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New bird flu outbreaks hit Europe

Monday, November 17, 2014 - 02:09

Dutch authorities have found a highly contagious strain of bird flu at a poultry farm in the central Netherlands and set about destroying 150,000 chickens. As Hayley Platt reports the strain, H5N8, has never been detected in humans, but an outbreak in South Korea meant millions of farm birds had to be slaughtered to contain the outbreak.

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It's the world's largest egg exporter and the discovery of a highly contagious form of bird flu at this farm in the Netherlands has prompted swift action. 150,000 birds in Hekendorp are being culled and a three-day ban on shipments of all poultry products out of the country has been imposed. A 10-km exclusion radius has also been set up around the infected premises - it will be stay in place for 30 days. The Dutch Health Authority says although humans can't die from the strain, they can become ill. (SOUNDBITE) (Dutch), DUTCH HEALTH AUTHORITY EXPERT, ROBERT JAN SCHOUWERWOU, ANSWERING IF PEOPLE CAN DIE FROM THIS FLU: "People can develop a flu, and that's what you want to prevent. It could make those with existing health problems worse which nobody wants." There are 700 poultry farms in the Netherlands And the Dutch export around 6 billion eggs a year - three quarters of them to Germany. The virus isn't the strain that can infect humans but it can easily spread to other birds. Ducks at a farm in Northern England have also tested positive for avian flu - the first UK outbreak since 2008. It's not the deadly H5N1 strain that effects humans either - but a cull is also underway. Nigel Gibbens is the UK's chief vet. SOUNDBITE: Nigel Gibbens, UK Chief Vet, saying (English): "People shouldn't be concerned about the risk to public health and the Food Standards Agency have confirmed that they don't see this as a risk through the food chain." The outbreaks follow one in Germany two weeks ago. And Rabobank's Jane Foley says they are being watched by markets. (SOUNDBITE) (English) JANE FOLEY, SENIOR FX STRATEGIST, RABOBANK, SAYING: "A month or so ago there was some interesting charts in that every time Ebola was mentioned in the news we saw US Treasury yields for instance react. The bird flu news has the potential to follow the same vein." It's not known for certain if there's any link between the outbreak in Britain and mainland Europe. But wild birds migrating for the winter are thought to be the problem. And that could mean there's more pain to come. Millions of farm birds in South Korea and other parts of Asia had to be culled earlier this year after they contracted the same strain of the virus.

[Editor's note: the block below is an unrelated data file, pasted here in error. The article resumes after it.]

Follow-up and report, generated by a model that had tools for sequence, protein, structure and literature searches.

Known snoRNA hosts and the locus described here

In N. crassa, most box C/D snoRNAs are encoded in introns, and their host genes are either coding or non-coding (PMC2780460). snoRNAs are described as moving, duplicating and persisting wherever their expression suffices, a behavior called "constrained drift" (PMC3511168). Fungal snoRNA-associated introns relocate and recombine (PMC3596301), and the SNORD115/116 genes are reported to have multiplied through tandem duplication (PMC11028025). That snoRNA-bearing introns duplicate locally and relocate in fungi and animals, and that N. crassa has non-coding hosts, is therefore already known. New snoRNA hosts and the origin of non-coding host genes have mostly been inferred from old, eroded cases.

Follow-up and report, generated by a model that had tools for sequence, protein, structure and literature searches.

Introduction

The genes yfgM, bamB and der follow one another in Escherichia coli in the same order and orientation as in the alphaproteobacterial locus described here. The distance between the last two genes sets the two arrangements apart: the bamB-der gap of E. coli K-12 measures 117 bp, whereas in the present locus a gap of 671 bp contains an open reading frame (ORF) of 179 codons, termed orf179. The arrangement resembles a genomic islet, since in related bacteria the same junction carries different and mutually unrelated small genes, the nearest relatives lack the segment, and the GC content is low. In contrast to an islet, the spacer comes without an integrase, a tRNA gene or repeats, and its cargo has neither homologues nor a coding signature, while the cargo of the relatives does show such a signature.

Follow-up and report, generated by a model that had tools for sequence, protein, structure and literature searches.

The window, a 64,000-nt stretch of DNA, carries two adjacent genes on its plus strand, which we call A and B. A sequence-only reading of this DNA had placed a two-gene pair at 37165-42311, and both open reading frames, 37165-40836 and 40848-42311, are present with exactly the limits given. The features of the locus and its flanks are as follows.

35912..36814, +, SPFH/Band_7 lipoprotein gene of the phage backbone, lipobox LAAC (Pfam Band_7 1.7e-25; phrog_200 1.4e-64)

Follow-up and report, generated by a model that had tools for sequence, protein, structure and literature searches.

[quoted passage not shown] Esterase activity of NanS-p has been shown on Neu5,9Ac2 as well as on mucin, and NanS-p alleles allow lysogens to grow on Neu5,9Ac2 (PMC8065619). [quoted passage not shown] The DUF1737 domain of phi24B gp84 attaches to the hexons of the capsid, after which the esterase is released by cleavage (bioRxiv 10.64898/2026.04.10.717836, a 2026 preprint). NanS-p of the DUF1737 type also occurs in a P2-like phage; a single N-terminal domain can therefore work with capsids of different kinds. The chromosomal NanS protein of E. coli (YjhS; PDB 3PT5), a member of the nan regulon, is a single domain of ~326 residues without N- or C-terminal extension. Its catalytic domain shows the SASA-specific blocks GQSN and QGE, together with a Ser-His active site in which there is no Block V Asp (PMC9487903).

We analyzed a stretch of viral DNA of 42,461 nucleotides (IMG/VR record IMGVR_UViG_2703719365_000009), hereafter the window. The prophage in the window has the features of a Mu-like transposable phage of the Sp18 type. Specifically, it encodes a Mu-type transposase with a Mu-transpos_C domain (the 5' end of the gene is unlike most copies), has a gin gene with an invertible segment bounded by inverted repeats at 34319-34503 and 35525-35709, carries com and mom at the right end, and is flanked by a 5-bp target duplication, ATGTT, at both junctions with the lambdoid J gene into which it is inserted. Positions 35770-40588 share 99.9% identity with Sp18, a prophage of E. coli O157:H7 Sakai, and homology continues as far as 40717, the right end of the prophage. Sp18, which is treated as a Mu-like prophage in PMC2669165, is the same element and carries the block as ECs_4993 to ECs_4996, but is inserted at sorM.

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New bird flu outbreaks hit Europe

Monday, November 17, 2014 - 02:09